In a project like this it is essential to understand the context in which it has been developing and which it is based on. As the authors proceed to describe, “Otwock is a town located 24 kilometers southeast of Warsaw, on the river Świder. Its current population is about 44 thousand inhabitants. In the interwar period the town was a fashionable health resort, popular among the Warsaw intelligentsia. Before the Second World War, Jews made up almost 75% of the city’s population. In August 1942, they were transported from the Otwock ghetto to an extermination camp in Treblinka. After the war the town gradually slid into decline and never regained its former splendor. Pre-war villas, abandoned or inhabited by new owners, fell into disrepair. The 1950s saw the construction of a villa for the First Secretary of the Polish United Workers’ Party and the Head of the Security Service (which is currently home to the local museum). In 1958, the Institute of Nuclear Research in Otwock launched its own nuclear reactor ‘Ewa’. The privatization and the construction boom that followed after 1989 resulted in even greater urban chaos. The present-day architecture seems accidental and chaotic. In the city centre, commercial pavilions erected in the 1960s were turned into a construction site, abandoned now for years. Reinforced concrete foundations of an unfinished retail park remain a bitter reminder of the current condition of local landscape.”
Mirosław Bałka was born and raised in Otwock. Eventually, he kept returning there, and transformed his old family house into a studio. The transformation of a familiar space has catalyzed a reflection on the relations between art and the location where it appears. Therefore, the artist launched a residency for fellow creators, who could inhabit his studio, study the town, and present the results of their work in different places around Otwock. The initial role of the artist’s studio has vanished, and the whole urban area has become both the material and the location for work.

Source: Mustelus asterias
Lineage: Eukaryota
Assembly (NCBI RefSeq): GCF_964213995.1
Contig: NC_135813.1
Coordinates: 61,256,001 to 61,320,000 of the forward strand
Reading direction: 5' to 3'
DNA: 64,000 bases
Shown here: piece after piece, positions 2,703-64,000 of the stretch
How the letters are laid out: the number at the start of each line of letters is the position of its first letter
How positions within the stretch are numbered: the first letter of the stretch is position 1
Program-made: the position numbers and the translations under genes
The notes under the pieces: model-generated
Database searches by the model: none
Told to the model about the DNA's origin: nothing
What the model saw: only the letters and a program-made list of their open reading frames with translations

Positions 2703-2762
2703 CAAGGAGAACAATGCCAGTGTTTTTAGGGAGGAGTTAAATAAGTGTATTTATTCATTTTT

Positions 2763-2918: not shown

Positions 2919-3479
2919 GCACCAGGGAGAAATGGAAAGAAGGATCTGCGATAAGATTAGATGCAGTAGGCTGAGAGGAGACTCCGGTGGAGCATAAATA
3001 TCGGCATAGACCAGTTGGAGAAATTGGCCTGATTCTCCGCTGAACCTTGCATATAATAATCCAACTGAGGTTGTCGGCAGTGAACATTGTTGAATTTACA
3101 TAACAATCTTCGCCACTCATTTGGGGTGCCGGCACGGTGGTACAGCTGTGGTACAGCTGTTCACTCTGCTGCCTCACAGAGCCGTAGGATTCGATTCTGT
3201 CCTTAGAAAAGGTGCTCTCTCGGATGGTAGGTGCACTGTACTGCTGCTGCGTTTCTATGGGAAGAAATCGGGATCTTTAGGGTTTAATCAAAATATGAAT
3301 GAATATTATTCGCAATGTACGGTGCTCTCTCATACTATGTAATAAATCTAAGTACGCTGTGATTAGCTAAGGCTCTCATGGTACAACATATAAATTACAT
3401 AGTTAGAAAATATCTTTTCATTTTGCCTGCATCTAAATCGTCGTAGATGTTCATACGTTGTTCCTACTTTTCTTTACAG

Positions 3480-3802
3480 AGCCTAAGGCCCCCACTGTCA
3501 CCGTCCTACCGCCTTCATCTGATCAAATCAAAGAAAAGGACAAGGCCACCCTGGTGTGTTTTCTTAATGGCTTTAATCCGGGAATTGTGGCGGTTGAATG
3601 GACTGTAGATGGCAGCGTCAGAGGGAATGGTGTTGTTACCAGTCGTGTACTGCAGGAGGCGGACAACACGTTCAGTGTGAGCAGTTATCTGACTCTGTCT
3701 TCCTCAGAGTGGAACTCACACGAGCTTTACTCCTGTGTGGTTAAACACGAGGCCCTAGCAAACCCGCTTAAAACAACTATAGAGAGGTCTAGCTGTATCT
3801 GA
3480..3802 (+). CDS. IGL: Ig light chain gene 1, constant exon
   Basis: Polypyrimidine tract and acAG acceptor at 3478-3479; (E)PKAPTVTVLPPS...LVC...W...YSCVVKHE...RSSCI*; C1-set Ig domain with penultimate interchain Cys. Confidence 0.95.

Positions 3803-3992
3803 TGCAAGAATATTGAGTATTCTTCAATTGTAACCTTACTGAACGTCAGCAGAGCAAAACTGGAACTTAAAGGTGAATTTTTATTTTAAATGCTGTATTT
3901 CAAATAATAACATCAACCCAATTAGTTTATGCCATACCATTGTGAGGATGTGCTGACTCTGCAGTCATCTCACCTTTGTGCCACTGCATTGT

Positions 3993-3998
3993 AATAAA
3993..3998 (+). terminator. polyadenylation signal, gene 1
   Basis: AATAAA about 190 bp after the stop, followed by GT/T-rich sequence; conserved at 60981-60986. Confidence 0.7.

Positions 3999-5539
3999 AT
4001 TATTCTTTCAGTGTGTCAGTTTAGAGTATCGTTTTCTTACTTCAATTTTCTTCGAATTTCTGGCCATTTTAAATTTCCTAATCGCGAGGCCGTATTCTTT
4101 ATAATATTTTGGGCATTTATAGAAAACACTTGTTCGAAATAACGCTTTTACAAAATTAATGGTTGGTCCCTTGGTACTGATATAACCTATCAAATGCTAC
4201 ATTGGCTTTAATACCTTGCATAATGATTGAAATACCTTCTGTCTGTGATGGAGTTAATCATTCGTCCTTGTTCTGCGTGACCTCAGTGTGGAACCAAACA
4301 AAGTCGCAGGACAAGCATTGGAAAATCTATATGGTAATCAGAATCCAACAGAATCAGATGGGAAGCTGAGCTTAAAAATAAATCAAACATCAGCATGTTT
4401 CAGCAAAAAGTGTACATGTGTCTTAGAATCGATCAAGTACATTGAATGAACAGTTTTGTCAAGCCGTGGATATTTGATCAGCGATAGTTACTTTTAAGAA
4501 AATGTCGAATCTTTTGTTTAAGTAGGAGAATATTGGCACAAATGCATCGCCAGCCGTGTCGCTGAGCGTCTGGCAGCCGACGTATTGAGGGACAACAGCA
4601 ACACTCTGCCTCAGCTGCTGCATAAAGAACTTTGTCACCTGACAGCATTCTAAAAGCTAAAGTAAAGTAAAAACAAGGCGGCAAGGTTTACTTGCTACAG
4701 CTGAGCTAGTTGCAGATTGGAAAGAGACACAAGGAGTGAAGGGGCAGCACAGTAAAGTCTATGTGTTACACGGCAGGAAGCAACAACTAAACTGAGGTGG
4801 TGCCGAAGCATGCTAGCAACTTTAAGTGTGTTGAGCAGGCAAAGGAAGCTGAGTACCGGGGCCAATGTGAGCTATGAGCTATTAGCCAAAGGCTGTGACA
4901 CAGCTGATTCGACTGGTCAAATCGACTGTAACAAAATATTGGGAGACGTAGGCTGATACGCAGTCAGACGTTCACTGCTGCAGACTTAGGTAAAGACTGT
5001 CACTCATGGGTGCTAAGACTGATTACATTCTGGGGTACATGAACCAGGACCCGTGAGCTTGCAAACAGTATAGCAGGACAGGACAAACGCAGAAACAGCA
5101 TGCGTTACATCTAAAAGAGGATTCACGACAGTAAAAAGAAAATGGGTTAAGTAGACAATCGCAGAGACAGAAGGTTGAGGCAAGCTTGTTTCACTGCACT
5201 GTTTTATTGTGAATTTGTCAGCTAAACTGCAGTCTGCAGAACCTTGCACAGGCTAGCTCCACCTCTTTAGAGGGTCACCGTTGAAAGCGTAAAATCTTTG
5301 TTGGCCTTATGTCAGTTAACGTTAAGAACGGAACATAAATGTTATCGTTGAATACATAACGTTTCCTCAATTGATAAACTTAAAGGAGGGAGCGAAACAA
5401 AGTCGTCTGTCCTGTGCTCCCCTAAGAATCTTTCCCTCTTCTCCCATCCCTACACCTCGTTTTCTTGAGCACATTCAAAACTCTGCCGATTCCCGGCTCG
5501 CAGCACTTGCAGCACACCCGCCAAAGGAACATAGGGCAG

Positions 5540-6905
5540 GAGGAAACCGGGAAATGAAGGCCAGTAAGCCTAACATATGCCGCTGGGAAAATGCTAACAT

Every year the project unfolds in a thematic “season”. In 2011 it presented its first season ‘Town’, introducing the results of research conducted by Lara Almarcegui, Charlotte Moth, and Anna Molska. Their works dealt with the typical architecture of Otwock, demolition of particular sites, and bonds between history and present day. In the consequent years it was followed by an introspective ‘Studio’ season with Mirosław Bałka, Tacita Dean, and Luc Tuymans; ‘Nothing About That. Fictional narratives’ season, in which Bałka, along with Jos de Gruyter & Harald Thys, and Aleksandra Waliszewska focused on the town’s relations with literature; the fourth season, ‘Duties and Pleasures’, was based on the exploration and use of objects related to Otwock that came from the National Museum in Warsaw (by Katharina Marszewski and Błażej Pindor), as well as dance performances organised by Bałka’s students; finally, during the latest season — ‘Silvohortiaromatherapy’ — Habima Fuchs and Taus Makhacheva explored the city’s past as a former health resort and the unique character of the local natural environment.
The project is followed by an extensive public programme, containing art and urban research. It has been able to engage the local municipality and public institutions to support the development of artistic research and interventions in the town. At the moment, it keeps offering new ways to perceive urban life and history of the area.
Miroslaw Balka, by years of individual practice in Otwock, has been able to create the international experimental ground engaging the whole territory of the town in Poland. The project has a strong cultural impact on the community and accentuates the need of research and innovation in order to transform the environment of the run-down Eastern European city with the complicated legacy of the 1980’s.
Otwock project has been co-organized by Open Art Projects, the non-profit foundation devoted to contemporary art which produces projects, materialises artistic concepts, organises exhibitions, and pursues publishing activities. Its further implementation connects institutional partners and artist's research of the area of Otwock.
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